I finally got around to refinishing and painting my dining room table!
Here’s how it looked when I bought it:
I found this oak wood farmhouse dining room set on Craigslist. What attracted me to this set is the table is very solid and is only one piece (no table leaves). I also liked that it has a drawer on one side (you can see it in the photo above). You can’t see it in these photos, but the set was very scratched up and had water damage on the table top and a couple of the chairs from years of use.
Here’s my supply and material list for this project:
- Electric Sander
- Sanding pads in 80 and 150 grit
- 1 quart Varathane Wood Stain in Kona
- 1 gallon Varathane Polyurethane in semi gloss
- 1 quart Valspar Chalky Finish Paint in Kid Gloves
- 1 pint Valspar Antiquing Wax
- 1 paint Valspar Sealing Wax
- Paint and wax brushes
- Soft cloth rags
Be prepared for a huge time investment if you decide to do a project similar to this. I’m not trying to turn anyone off from doing it – I do think the finished project was worth all the time and effort. I just want everyone to be forwarned that this is not something you can do by yourself over one weekend. I knew this project was going to take some time, but I didn’t realize how much until I really got into it. It took quite a few hours over a few days for my husband and I to sand the table top and chair seats, and it took me a good 6+ hours for each coat of paint (I did two coats and then touched up any “hot spots” to avoid having to do a third coat). With all this and the staining, polyurethane (3 coats), distressing, antiquing wax coat and finishing wax coat, this project took a good two weeks. On the weekdays we worked on it in our spare time, and then I spent two solid weekends painting and waxing. I’ve always wondered why I never see many dining sets finished like this in antique and boutique stores, but now I know… no one would ever be able to charge enough to cover the time investment needed to do something like this.
So now that you’ve been forwarned… here’s how I did it! 🙂
First thing we did was moved the table and chairs into our shop for the sanding, staining, and polyurethane coats. Unfortunately, I didn’t get any pictures of this part of the process because I simply forgot do (I know; bad DIY blogger, bad!). But I will describe it here and I will tell you that this is a very dusty and stinky part of the process, so you do not want to do it inside your home. Since all the pictures I do have of the remaining steps are inside of our home, I want to make it clear that I did not do any of the sanding, staining, and polyurethane coats inside our home.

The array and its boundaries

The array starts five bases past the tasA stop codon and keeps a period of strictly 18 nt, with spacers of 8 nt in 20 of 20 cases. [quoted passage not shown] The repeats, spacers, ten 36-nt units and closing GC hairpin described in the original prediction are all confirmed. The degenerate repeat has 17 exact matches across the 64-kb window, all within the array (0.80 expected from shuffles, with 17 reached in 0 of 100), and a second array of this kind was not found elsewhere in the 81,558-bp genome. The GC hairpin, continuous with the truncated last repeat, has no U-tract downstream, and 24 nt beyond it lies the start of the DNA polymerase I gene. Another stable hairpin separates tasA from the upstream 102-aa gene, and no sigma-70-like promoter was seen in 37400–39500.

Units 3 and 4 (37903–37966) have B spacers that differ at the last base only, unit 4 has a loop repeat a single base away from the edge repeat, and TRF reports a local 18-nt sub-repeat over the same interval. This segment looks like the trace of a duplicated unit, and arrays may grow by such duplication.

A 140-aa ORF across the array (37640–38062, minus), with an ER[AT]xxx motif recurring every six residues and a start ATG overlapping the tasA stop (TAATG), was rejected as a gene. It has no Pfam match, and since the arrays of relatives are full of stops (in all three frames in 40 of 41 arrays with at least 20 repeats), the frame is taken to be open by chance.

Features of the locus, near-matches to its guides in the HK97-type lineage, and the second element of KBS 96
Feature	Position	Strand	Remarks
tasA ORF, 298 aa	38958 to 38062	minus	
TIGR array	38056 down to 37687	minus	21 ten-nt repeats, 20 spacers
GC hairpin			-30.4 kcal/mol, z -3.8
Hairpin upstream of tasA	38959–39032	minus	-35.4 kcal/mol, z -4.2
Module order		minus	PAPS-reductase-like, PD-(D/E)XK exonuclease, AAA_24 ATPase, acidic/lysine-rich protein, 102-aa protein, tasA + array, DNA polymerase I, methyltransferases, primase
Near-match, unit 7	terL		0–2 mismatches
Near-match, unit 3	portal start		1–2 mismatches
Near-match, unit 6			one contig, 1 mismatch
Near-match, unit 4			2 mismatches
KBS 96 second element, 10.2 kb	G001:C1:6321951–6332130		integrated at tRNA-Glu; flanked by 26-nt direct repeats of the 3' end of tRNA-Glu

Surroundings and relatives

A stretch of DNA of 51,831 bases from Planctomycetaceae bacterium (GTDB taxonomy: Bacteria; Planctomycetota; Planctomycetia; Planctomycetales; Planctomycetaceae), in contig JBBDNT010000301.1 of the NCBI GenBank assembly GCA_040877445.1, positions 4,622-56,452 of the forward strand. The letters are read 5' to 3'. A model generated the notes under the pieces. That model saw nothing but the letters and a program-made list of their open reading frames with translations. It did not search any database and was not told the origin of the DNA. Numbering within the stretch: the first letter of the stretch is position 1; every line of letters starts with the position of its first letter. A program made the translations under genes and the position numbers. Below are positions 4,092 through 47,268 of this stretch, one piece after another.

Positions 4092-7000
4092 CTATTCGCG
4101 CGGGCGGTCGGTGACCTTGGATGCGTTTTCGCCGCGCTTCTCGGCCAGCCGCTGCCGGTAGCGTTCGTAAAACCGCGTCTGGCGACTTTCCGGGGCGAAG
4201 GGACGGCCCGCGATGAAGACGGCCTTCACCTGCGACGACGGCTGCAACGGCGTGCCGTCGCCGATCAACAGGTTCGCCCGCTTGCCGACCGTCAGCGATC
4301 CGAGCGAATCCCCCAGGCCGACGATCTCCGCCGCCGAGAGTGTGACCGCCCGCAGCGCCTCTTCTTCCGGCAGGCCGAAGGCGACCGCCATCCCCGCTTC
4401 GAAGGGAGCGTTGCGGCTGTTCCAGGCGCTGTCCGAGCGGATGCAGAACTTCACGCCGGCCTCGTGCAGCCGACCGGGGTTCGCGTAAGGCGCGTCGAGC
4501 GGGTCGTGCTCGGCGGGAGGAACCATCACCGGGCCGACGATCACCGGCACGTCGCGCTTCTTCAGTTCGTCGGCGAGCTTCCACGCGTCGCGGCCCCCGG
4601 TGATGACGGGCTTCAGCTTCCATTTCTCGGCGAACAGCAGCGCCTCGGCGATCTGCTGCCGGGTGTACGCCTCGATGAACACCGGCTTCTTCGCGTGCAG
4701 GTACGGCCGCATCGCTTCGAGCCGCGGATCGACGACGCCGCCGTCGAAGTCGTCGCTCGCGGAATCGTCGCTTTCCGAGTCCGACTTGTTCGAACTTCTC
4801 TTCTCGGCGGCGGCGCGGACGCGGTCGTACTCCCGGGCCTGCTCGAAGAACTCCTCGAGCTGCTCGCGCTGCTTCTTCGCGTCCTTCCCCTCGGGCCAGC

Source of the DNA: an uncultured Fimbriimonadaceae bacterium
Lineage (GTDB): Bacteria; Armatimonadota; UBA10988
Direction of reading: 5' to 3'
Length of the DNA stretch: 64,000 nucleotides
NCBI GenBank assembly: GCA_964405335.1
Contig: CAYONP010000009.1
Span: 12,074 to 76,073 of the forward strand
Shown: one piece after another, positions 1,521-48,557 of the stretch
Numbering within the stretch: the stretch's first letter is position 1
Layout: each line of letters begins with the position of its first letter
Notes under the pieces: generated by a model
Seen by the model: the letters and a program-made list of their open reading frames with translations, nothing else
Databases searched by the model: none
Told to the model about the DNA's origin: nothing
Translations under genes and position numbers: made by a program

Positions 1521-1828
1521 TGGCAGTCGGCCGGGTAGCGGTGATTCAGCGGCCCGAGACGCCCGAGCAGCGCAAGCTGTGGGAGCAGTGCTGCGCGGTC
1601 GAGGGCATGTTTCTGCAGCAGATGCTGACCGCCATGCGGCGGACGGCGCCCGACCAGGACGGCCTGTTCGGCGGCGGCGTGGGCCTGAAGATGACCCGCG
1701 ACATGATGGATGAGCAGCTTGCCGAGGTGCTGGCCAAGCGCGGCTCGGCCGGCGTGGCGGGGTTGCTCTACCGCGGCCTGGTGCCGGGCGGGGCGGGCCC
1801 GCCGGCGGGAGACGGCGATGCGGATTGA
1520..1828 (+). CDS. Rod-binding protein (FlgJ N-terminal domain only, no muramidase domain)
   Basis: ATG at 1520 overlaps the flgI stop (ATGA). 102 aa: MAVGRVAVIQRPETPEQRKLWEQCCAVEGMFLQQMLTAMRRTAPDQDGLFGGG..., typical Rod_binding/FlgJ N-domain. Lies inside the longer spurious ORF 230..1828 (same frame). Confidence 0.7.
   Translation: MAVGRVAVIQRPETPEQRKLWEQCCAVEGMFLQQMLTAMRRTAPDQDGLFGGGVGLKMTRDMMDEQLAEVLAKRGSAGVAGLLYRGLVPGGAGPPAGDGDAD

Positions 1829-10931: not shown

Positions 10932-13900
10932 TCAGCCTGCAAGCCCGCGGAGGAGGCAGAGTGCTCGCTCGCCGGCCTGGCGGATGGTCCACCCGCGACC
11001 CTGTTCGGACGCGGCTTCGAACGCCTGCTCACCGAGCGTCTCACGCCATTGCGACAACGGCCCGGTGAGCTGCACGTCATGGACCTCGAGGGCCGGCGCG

We sanded the table top and chair seats with a palm sander and a detail (triangle pad) sander. Sanding the table top went quickly enough, but it took a lot of time to sand the six chair seats as there was a lot of detail work between the chair spindles.
Once everything was sanded and wiped clean, I applied one coat of the stain, wiping off any excess with a dry, dust-free cloth. The stain brand and color I used is Varathane Wood Stain in Kona. I could have applied another coat if I wanted it to be darker, but I was satisfied with the color with just one coat.
I allowed the stain to dry overnight before I applied the polyurethane coats. I applied three coats of polyurethane, allowing it to dry a few hours between coats. The polyurethane I used is Varathane polyurethane in semi gloss. I don’t know if it’s true with all brands/types of polyurethane, but with this one if I allowed it to dry more than 24 hours between coats, I would have to lightly sand the previous coat before applying another coat. I wanted to avoid doing that, so I made sure that I timed the coats to where I could get them all applied within the course of one day. You can see the finished tabletop in the picture below. I really love how well it turned out!
At this point we brought the table and chairs back into the house so I could paint them over the weekend. I did one coat on Saturday and one coat on Sunday. The paint I used is Valspar Chalky Finish paint in Kid Gloves.
The next step was to distress the painted areas. I decided to do a light to medium amount of distressing with 150 grit sand paper. You can do as much distressing as you want, or skip the distressing entirely. It is up to your personal taste as to how you want your finished project to look.
Next was the antiquing wax coat on the painted areas. Like the distressing, you can skip this part if you want. I like doing it because I like the aged look it gives the paint. I applied it with a wax brush in a small sections and wiped it off with a clean damp cloth. I didn’t leave it sit more than a minute or so on each section as I wanted just a touch of an aging effect.
Finally, I applied the sealing wax to the painted areas. It’s pretty much the same technique as applying the antiquing wax, except I allowed each section to dry a few minutes and then wiped it off with a clean, dry cloth as to not remove as much of it. The sealing wax does what the name implies – it seals the chalk paint and gives it a little shine and a smooth finish.
I was so happy when it was finally all finished! 🙂 And I was very happy it turned out as well as it did, because I would have been pretty peeved if I didn’t like how it turned out after all the time I spent working on it!
I hope you enjoyed my farmhouse dining room table & chairs makeover tutorial and found some useful information to refinish and repaint your own if you ever decide to try it! 🙂 And as always, if you have any questions or comments, please feel free to leave them in the comments section below!